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5 Ways to Assess Security Risk

Security strategies need continual enhancement. Hackers are tireless in their quest to find new ways to overcome your company’s defenses. Cybercriminals are always changing attack vectors and adapting the tools they use to infiltrate your systems and steal your data.

The first step in developing a timely security strategy is assessing the nature and level of risk to which your company is being exposed. Once you have identified your vulnerabilities, you can develop a road map to build a new, more effective security solution.

Here is a look at 5 steps in a security risk assessment:

1.) Gain visibility into all assets.

If you don’t know you own something, you can’t protect it. Assets can be difficult to track and monitor when they come from multiple vendors and have been implemented across the business.

Shadow IT has compounded the problem of visibility. Line of business employees have become increasingly comfortable with implementing technology without going through the IT department. These services may expose your company to potential threats without you even knowing it.

2.) Confirm due diligence of all vendors.

Every vendor offers its own service level agreement (SLAs) associated with the services or products it provides to your company,.  You should understand those protections offered by the SLAS and hold these vendors accountable for the security of its solution, but to what degree? You don’t want to drop the ball on an aspect of security because you mistakenly thought the vendor was handling it.

When companies work with an outsourced IT provider, it may not be clear what security responsibilities the vendor has. It may be necessary to monitor the vendor to ensure it is meeting required standards of data privacy and protection.

3.) Conduct in-house vulnerability testing.

Wolf & Company’s risk management experts found that known, unpatched vulnerabilities are the cause of 44% of data breaches. Companies often fall behind on security patches or fail to upgrade and refresh hardware and software when they reach end of life. Hackers use tools to scan your systems for vulnerabilities that they can use to attack your company.

A thorough risk assessment should include a scan of all company assets to pinpoint vulnerabilities. Your company should leverage patch management to prevent hackers from using exploit kits to infiltrate your business.  Working with a provider that offers infrastructure as a service (IaaS) can help too, by keeping core systems patched and up-to-date while your internal IT staff can focus on specific applications and data.

4.) Evaluate access control and authentication.

Hackers often use social engineering to fool employees into giving out access information. They send phishing emails that seem to come from trusted companies or executives at your business. Even without social engineering, many cybercriminals can use encryption tools to uncover passwords.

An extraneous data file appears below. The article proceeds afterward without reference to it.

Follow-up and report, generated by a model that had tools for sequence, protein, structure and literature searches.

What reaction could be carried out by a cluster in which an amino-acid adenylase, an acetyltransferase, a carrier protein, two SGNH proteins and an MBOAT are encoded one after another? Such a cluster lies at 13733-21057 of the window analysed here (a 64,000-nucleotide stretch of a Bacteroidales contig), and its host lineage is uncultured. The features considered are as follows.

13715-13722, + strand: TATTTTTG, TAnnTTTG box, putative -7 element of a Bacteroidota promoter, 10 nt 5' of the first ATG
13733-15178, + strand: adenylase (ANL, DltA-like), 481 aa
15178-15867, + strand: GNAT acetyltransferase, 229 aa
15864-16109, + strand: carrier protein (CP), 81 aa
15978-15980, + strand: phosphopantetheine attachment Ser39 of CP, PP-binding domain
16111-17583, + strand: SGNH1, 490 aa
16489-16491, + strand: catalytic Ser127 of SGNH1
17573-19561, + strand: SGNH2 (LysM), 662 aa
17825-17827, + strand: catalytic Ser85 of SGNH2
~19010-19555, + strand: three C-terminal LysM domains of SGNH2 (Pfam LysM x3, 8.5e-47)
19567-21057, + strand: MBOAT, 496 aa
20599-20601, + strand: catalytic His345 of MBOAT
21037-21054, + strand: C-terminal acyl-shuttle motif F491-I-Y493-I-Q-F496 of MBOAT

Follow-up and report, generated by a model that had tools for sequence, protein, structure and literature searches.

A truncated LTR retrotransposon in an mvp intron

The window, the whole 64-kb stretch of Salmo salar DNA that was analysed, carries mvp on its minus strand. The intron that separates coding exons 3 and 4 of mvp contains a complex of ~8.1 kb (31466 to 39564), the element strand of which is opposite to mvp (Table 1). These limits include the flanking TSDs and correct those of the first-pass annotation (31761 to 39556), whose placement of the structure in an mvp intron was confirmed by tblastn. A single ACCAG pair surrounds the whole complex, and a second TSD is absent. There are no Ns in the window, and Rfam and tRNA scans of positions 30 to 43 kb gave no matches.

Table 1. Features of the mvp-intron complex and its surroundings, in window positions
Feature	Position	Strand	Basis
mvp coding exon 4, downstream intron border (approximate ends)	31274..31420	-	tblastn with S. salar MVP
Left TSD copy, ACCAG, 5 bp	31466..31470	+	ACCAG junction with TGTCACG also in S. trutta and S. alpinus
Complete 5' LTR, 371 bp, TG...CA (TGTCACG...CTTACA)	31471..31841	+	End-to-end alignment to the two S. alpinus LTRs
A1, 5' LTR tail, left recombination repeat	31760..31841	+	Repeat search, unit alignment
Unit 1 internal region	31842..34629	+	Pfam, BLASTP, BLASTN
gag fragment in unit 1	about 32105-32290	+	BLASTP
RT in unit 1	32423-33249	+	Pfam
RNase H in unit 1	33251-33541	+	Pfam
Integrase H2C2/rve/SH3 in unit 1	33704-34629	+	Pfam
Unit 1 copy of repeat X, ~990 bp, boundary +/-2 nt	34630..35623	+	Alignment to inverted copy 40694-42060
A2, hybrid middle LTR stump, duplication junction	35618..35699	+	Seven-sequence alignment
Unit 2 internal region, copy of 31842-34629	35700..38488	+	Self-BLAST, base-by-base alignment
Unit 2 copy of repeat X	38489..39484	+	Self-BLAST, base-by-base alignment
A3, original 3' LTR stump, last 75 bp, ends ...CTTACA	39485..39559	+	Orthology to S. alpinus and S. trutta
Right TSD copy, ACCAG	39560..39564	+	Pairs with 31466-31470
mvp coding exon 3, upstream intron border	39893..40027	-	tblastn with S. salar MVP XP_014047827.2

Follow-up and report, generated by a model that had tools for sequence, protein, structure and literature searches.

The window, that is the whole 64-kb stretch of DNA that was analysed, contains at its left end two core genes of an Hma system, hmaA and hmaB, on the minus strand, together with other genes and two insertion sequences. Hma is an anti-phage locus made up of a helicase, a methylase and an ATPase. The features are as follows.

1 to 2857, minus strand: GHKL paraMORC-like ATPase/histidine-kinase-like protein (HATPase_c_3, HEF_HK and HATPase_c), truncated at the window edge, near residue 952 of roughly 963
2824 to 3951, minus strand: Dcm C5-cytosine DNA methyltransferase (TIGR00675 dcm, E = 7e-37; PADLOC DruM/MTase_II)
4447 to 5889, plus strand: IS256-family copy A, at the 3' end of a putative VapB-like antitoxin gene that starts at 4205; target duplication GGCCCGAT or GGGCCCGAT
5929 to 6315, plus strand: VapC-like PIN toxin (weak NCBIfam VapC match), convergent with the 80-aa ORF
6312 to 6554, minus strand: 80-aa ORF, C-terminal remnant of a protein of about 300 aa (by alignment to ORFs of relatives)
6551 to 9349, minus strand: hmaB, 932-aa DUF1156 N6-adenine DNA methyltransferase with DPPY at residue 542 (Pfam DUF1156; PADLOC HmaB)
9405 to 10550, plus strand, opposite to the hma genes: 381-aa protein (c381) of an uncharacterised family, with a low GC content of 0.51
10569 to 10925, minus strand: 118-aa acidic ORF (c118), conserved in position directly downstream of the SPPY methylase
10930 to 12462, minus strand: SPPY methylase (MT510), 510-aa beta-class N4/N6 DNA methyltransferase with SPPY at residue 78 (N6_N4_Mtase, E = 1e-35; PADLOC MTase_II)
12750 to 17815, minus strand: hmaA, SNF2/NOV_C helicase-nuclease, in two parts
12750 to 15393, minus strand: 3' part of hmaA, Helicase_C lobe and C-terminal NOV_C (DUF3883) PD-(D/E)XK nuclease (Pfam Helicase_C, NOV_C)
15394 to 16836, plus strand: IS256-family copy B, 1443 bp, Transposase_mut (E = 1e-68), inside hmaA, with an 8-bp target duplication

Companies should evaluate their authentication methods. If your business is relying on a single or double-factor authentication system, you should consider a multifactor approach. Multifactor authentication often uses biometrics such as fingerprint or retinal scans to stop imposters in their tracks.

Your company may also want to reevaluate the level of access you grant to employees. Consider what information an employee needs to do his or her job effectively.

5) Understand the threat landscape.

You can’t properly defend your business unless you can adapt your security strategy to potential threats.For insance, if you’re prepared for an exploit but unprepared for the ransomware attacks popular with hackers, you’re out of luck. Your company should keep track of current and emerging threat trends.

Your organization needs to be aware of how cyberattacks are evolving and what attack vectors hackers are using. Information about the threat landscape gathered from dashboards or reports by security experts empowers you to adapt your security strategy to prevent breaches.

Planning for Better Security

Third party organizations can provide unbiased security assessments and recommendations that will pointpoint vulnerabilities and show areas that need improvement.  Companies like FirstLight can be part of an overall approach to improving security as well, with solutions such as secure colocationmanaged firewallscloud-based disaster recovery and infrastructure as a service.

FirstLight has a long track record of working with companies that have high risk profiles. We have helped many companies including those in the fields of finance, health care, and education develop effective security strategies. Our colocation and cloud solutions provide multiple layers of security to guard against data loss or compromise. Our extensive fiber optic network coupled with our secure cloud, data center, colocation and as-a-service offerings will keep your data safe and sound.

Reduce your level of risk. Work with FirstLight on a new disaster recovery strategy.

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